Paramedics are first responders for emergencies such as automobile accidents, heart attacks, drownings, childbirth, gunshot wounds, and all other medical situations that would require immediate attention. Often working closely with law enforcement and the fire department personel, Paramedicss are dispatched to an emergency via a 911 operator. Paramedics are qualified to treat minor injuries, and for more serious trauma, they are trained in keeping a victim in stable condition during transportation to a hospital. Paramedics work in all conditions and the job often entails considerable kneeling, bending and heavy lifting. While not only physical taxing, the job can also be emotionally stressful, exciting and challenging.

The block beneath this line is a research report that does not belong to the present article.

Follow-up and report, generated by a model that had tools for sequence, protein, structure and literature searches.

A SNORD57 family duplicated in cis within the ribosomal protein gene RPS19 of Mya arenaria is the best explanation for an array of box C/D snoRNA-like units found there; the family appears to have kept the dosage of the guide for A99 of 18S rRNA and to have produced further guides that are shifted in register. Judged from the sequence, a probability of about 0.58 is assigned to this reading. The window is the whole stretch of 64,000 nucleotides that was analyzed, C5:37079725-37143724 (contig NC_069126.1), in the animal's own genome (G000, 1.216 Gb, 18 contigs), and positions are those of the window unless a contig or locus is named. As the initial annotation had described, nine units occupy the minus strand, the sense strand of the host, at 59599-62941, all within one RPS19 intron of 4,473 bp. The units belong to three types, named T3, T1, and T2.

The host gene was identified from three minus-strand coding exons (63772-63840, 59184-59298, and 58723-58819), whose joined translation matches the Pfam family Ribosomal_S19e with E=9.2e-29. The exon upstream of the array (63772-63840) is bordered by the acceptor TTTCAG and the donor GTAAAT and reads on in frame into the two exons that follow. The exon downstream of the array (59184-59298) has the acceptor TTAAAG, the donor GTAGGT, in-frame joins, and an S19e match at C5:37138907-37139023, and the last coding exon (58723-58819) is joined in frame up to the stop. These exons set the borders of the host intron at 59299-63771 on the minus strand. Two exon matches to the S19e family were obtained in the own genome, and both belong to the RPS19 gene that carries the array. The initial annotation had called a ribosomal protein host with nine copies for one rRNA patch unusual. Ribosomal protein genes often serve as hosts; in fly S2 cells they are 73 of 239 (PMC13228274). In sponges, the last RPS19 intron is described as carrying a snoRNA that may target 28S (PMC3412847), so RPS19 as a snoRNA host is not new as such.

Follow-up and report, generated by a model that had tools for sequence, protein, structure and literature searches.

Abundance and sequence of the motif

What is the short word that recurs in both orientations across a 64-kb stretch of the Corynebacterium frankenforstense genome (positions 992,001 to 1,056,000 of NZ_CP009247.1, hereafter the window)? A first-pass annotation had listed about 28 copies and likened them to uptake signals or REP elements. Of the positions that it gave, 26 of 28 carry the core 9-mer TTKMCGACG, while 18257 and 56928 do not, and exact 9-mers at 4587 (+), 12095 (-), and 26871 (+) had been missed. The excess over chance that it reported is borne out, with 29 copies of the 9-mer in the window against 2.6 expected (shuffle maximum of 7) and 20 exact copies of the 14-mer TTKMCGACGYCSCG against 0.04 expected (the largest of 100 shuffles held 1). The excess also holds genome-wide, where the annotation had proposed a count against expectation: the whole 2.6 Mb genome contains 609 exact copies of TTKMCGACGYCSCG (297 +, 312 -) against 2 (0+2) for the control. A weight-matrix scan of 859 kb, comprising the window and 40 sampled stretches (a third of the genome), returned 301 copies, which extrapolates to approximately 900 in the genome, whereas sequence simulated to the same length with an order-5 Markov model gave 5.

The difference between an EMT and a Paramedic is that Paramedics require a higher level of certification. Paramedics usually complete around 1,200 – 1,800 hours of training and are often awarded with two-year degrees. Another distinction between the two is that Paramedics are allowed to ‘break the skin.’ A normal EMT can only administer basic life-saving techniques whereas Paramedics are trained to use between 30 and 40 medications and are allowed to give shots and intravenous lifelines.

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